Geological events play a larger role than Pleistocene climatic fluctuations in driving the genetic structure of Quasipaa boulengeri (Anura: Dicroglossidae)

Authors

  • Fang Yan,

    1. State Key Laboratory of Genetic Resources and Evolution, and Yunnan Laboratory of Molecular Biology of Domestic Animals, Kunming Institute of Zoology, Chinese Academy of Sciences, Kunming, China
    2. Graduate School of the Chinese Academy of Sciences, Beijing, China
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  • Weiwei Zhou,

    1. State Key Laboratory of Genetic Resources and Evolution, and Yunnan Laboratory of Molecular Biology of Domestic Animals, Kunming Institute of Zoology, Chinese Academy of Sciences, Kunming, China
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  • Haitao Zhao,

    1. College of Life Sciences, Bijie University, Bijie, China
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  • Zhiyong Yuan,

    1. State Key Laboratory of Genetic Resources and Evolution, and Yunnan Laboratory of Molecular Biology of Domestic Animals, Kunming Institute of Zoology, Chinese Academy of Sciences, Kunming, China
    2. Graduate School of the Chinese Academy of Sciences, Beijing, China
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  • Yunyu Wang,

    1. State Key Laboratory of Genetic Resources and Evolution, and Yunnan Laboratory of Molecular Biology of Domestic Animals, Kunming Institute of Zoology, Chinese Academy of Sciences, Kunming, China
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  • Ke Jiang,

    1. State Key Laboratory of Genetic Resources and Evolution, and Yunnan Laboratory of Molecular Biology of Domestic Animals, Kunming Institute of Zoology, Chinese Academy of Sciences, Kunming, China
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  • Jieqiong Jin,

    1. State Key Laboratory of Genetic Resources and Evolution, and Yunnan Laboratory of Molecular Biology of Domestic Animals, Kunming Institute of Zoology, Chinese Academy of Sciences, Kunming, China
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  • Robert W. Murphy,

    1. State Key Laboratory of Genetic Resources and Evolution, and Yunnan Laboratory of Molecular Biology of Domestic Animals, Kunming Institute of Zoology, Chinese Academy of Sciences, Kunming, China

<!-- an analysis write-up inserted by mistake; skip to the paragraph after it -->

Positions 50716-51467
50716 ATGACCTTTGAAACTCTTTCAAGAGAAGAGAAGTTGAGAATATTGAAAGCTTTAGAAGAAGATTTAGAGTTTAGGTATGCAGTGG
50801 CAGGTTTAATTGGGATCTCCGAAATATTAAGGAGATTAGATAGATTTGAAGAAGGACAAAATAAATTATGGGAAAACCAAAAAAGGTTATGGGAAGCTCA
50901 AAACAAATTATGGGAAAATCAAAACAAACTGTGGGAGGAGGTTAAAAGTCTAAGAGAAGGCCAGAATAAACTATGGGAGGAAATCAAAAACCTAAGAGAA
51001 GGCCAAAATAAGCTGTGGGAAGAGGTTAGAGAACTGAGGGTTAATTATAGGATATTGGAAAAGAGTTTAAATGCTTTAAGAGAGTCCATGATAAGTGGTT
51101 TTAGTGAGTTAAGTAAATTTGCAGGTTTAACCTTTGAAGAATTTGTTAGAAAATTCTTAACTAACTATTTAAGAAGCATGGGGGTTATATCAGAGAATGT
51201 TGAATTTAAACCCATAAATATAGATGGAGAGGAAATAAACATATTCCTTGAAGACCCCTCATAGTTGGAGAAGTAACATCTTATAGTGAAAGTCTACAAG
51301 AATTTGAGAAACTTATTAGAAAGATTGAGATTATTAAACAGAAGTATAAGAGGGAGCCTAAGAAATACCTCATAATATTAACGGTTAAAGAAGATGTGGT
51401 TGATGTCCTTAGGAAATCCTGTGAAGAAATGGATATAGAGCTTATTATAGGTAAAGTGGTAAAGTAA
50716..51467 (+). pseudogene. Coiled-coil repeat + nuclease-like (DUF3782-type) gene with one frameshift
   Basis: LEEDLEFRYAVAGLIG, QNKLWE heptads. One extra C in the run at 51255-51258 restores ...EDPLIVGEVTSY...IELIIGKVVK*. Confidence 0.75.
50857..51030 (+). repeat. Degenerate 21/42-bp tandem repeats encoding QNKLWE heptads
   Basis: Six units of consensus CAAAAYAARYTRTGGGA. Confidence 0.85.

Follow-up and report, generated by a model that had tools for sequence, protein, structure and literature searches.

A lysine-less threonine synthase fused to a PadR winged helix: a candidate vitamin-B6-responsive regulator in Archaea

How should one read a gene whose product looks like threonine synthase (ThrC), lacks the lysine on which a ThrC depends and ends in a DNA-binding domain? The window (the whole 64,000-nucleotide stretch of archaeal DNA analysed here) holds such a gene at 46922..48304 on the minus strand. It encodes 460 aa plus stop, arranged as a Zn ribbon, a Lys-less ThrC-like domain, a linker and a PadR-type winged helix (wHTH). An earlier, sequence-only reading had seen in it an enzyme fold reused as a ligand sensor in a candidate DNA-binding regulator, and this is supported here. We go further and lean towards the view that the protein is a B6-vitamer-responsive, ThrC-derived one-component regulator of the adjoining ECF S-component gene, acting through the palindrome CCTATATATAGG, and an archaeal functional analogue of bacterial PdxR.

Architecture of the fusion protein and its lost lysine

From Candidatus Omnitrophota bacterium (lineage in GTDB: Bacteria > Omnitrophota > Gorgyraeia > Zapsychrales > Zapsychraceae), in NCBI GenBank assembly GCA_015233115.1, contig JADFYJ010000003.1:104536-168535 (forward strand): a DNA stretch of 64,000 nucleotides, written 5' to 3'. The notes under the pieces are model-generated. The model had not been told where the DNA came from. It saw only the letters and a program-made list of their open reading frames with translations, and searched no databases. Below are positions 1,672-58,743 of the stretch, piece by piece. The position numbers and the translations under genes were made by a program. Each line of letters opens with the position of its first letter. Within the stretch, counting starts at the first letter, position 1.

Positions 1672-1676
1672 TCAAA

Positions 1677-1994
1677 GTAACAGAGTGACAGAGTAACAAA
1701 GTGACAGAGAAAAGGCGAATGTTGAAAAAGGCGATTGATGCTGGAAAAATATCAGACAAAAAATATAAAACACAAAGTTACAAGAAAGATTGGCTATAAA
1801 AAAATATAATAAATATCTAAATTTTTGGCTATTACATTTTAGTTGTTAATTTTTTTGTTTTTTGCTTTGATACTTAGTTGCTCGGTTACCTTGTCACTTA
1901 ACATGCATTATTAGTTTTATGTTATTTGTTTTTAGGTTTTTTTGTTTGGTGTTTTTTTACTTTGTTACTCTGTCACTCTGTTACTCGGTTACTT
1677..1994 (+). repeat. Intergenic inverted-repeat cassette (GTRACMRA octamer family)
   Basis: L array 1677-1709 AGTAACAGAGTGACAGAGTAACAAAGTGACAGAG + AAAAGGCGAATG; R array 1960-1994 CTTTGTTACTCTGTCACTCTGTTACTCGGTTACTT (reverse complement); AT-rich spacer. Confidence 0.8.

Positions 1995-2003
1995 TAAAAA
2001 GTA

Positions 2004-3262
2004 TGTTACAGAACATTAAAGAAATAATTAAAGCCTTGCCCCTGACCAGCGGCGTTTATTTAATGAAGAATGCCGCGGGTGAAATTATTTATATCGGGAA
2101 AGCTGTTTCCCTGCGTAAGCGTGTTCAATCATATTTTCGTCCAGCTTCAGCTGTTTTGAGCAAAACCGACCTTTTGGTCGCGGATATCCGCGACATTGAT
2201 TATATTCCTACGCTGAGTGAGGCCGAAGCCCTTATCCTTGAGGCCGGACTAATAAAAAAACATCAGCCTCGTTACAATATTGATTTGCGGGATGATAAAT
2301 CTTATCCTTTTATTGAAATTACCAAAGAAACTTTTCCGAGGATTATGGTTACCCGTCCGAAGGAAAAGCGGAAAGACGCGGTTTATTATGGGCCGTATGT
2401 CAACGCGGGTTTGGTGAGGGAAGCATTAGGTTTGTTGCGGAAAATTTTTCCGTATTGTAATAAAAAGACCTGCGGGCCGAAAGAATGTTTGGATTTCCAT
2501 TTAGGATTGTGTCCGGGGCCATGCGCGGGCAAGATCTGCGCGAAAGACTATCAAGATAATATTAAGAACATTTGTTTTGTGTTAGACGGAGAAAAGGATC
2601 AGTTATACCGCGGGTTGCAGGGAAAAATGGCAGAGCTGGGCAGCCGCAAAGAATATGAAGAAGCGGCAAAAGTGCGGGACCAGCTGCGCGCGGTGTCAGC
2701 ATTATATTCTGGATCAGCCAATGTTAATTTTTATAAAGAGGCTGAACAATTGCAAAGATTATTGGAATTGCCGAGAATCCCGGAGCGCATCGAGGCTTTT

2. Centre for Biodiversity and Conservation Biology, Royal Ontario Museum, Toronto, Ontario, Canada
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  • Jing Che,

    1. State Key Laboratory of Genetic Resources and Evolution, and Yunnan Laboratory of Molecular Biology of Domestic Animals, Kunming Institute of Zoology, Chinese Academy of Sciences, Kunming, China
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  • Yaping Zhang

    Corresponding author
    1. Laboratory for Conservation and Utilization of Bio-resources, Yunnan University, Kunming, China
    • State Key Laboratory of Genetic Resources and Evolution, and Yunnan Laboratory of Molecular Biology of Domestic Animals, Kunming Institute of Zoology, Chinese Academy of Sciences, Kunming, China
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Correspondence: Yaping Zhang, Fax: 86-871-5195430, E-mail: zhangyp@mail.kiz.ac.cn and Jing Che, Fax: 86-871-5133185, E-mail: chej@mail.kiz.ac.cn

Abstract

Paleoclimatic and paleogeological events have been identified as being the two main drivers of genetic structuring in extant organisms. We used a montane stream-dwelling frog, Quasipaa boulengeri, to explore the relative roles played by these drivers on species in southern China, a region needing thorough studies. We detected four major matrilines, and no broadly distributed haplotypes occurred. The complex orogenesis of south-western China drove matrilineal divergence in Q. boulengeri into highly structured geographical units. These matrilines subsequently persisted in situ with stable populations rather than undergoing expansions during glacial cycling. The unification of the upper and middle Yangtze River in the Three Gorges mountain region mediated downstream colonization of this frog. Analyses identified geological events as playing a larger role than climatic fluctuations in driving the population history of Q. boulengeri. Nuclear allele analyses indicated gene flow; this maintained genetic cohesion of the species. South-eastern Sichuan Basin was identified as the area of secondary contact for several matrilines, and this area deserves further study and special protection.

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